Anatolii Golyshev has signed a one-year deal for 20-21 with the New York Islanders. He’s on his way to North America, where he will quarantine before joining up with his new team.
Golyshev has been in the system for years now. The Islanders drafted him in the fourth round of the 2016 NHL draft. But being in Russia so long means he wasn’t getting much attention and rightfully so. Six months ago we were told that he may not be interested in joining the Islanders (subscription required).
But here we are with Golyshev holding a one-year ELC (the max allowable under the NHL’s CBA) for the 20-21 season. With the Russian forward joining the Isles this year, I asked Isles fans if they had questions about the Russian prospect. Here are some of those questions along with my answers!
Answering questions about New York Islanders Anatolii Golyshev
Q: Is it Anatolii, Anatoli, or Anatoly?
This is a great question because it’s not that easy to answer. It’s pronounced Anatoly, but his name is spelled Анатолий in Russian so in English that should be Anatolii. But as Gillian Kemmerer pointed out it could have easily gone either way.
I was using Anatoly for a while, but seeing as how the Isles are officially going with Anatolii I’ve made the switch too.
Q: How is his English?
When I was trying to set up an interview with him during the season an interpreter was going to be used. I know Russian but it’s very basic, I can essentially say “hello”, “how are you”, and “where is the coffee shop?” Again, very basic and purely just enough for me to get by when I traveled there.
All that to say that his English might not be strong enough to conduct solo interviews. I’m sure his English is fine, but going from Russian to English isn’t easy at all. Trust me. I imagine he’ll use someone to assist him at the start. Thankfully, there are a few Russian’s on the team who can help him with that.
Q: You think he goes to the taxi squad or down to Bridgeport? And long term where do you see him slotting in with the Isles?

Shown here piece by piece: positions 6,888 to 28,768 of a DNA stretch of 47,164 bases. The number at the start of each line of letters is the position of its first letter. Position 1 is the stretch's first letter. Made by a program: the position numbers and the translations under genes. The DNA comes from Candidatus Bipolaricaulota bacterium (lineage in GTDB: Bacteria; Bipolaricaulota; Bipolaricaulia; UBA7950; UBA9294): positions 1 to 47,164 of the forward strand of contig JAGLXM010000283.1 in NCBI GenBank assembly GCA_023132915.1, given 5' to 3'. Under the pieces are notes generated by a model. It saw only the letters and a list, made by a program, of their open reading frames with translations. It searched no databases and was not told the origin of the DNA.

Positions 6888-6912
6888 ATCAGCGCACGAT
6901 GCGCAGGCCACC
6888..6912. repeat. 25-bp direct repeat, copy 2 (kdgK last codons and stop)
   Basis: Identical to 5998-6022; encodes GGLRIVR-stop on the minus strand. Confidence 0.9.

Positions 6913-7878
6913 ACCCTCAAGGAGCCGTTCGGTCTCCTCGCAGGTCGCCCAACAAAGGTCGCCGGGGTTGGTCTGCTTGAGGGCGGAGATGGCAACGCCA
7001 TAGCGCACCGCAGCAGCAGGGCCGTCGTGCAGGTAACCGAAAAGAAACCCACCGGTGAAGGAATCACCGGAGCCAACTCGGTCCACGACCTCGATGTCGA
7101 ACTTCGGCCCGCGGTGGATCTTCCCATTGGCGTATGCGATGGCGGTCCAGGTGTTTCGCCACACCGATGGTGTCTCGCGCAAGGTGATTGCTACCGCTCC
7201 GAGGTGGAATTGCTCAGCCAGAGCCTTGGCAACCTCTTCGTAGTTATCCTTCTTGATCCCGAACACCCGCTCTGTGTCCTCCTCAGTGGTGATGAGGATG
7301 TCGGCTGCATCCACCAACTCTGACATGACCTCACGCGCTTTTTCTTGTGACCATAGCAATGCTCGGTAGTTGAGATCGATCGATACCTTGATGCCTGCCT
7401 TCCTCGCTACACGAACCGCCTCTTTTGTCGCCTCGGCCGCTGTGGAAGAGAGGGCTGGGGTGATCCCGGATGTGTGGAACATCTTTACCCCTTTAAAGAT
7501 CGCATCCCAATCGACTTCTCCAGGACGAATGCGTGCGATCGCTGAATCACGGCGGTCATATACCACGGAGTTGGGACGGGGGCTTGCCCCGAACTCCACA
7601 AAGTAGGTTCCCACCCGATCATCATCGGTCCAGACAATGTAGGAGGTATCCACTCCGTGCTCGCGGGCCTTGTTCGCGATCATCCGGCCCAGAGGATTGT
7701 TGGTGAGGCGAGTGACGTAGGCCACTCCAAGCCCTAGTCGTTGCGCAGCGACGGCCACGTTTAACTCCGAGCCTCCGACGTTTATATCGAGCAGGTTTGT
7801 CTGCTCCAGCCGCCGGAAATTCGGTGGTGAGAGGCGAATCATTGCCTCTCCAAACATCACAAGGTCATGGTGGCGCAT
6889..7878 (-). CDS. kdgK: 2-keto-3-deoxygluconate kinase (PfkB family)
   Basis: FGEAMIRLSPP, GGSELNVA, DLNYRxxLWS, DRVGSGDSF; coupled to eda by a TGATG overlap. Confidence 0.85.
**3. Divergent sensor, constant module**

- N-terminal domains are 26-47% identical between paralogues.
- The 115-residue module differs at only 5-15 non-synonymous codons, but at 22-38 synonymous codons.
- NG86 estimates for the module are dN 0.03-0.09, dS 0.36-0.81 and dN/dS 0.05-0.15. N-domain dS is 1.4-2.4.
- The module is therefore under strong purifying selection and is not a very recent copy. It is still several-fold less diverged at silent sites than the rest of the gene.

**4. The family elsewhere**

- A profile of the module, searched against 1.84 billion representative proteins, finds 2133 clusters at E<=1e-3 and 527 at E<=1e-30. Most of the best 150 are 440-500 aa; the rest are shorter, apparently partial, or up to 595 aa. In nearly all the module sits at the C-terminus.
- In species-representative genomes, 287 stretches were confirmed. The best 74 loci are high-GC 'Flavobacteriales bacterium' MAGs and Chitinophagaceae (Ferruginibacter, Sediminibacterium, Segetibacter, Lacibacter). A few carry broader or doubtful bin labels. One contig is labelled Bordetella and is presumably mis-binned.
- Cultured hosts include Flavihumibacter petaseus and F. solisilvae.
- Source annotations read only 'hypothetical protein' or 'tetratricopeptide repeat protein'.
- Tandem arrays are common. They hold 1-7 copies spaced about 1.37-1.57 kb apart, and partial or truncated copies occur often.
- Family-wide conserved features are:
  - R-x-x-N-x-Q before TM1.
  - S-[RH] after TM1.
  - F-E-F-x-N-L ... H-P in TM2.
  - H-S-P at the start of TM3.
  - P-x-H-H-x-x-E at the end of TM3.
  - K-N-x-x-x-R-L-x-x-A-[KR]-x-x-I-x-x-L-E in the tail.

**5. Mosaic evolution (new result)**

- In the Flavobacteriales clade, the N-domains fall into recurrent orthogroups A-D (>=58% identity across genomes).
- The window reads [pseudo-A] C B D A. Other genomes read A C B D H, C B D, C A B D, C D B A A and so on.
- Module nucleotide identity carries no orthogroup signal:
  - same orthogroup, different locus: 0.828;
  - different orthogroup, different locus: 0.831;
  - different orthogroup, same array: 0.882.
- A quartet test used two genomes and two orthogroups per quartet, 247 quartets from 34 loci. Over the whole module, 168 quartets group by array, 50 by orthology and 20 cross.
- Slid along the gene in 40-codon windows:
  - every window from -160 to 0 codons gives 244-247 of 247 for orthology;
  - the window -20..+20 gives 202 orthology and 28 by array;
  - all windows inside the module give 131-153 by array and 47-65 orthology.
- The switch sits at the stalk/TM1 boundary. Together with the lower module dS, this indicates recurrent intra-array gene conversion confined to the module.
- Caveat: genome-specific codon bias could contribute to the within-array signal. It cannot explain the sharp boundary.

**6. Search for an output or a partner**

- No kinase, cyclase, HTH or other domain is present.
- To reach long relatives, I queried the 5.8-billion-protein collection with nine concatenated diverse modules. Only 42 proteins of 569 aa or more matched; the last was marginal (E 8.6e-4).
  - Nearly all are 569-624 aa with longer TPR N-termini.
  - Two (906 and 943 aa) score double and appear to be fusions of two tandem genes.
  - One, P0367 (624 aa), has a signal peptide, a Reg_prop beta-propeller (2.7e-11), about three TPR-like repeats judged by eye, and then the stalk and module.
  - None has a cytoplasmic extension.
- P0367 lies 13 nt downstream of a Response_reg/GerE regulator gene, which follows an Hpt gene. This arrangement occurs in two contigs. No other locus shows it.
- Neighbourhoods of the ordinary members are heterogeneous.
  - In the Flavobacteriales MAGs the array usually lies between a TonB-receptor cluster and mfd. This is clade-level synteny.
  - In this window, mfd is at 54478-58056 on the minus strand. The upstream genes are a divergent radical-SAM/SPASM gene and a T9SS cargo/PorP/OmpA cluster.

I can’t see him slotting into the lineup immediately. Barry Trotz barely knows him. It’s going to take him some time to earn the coach’s trust. I can absolutely see him take a spot on the taxi squad and perhaps earn a conditioning loan to the AHL this year once he’s ready for game time.
Long-term, I see him as a bottom-six winger. As in on the third line. It’s possible that he pushes his way up the depth chart and earns some time in the top-six down the road.
If he can lineup with skilled linemates he could absolutely put up points. At the start of the 20-21 KHL season, Golyshev lined up with Pavel Datsyuk. In his first 12 games on the year (largely spent playing with Datsyul), he scored six goals and provided four helpers. A pace that would have seen him match his career-high of 44 points from 15-16.
After the two were split up, Golyshev’s production dried up. He scored 17 points over his next 41 games. That’s a drop of 0.54 points-per-game or a loss of 22 points on the year.
Q: Is he a Gol-scorer?
Love the pun.
I wouldn’t call him that. His best goal-scoring season at the KHL level was in 2015-16 where he scored 25 goals. It was the only year he eclipsed 20 goals in a season.
Q: Most realistic expectations within the next 3 years?
When I project what he could be I use translation factors. Translation factors are used to figure out how production in one league (like the KHL) would translate to the NHL.
Based on that, Golyshev is a 36 point player at the NHL level to me. He could certainly perform at a higher rate, assuming he lines up with skilled linemates, but I see him in popping in 30-40 points (at best) in the NHL.
That may not sound like a lot, but consider guys like Michael Dal Colle and Leo Komarov are scoring at an 18 and eleven-point pace over 82 games. Golyshev could be a huge upgrade over either.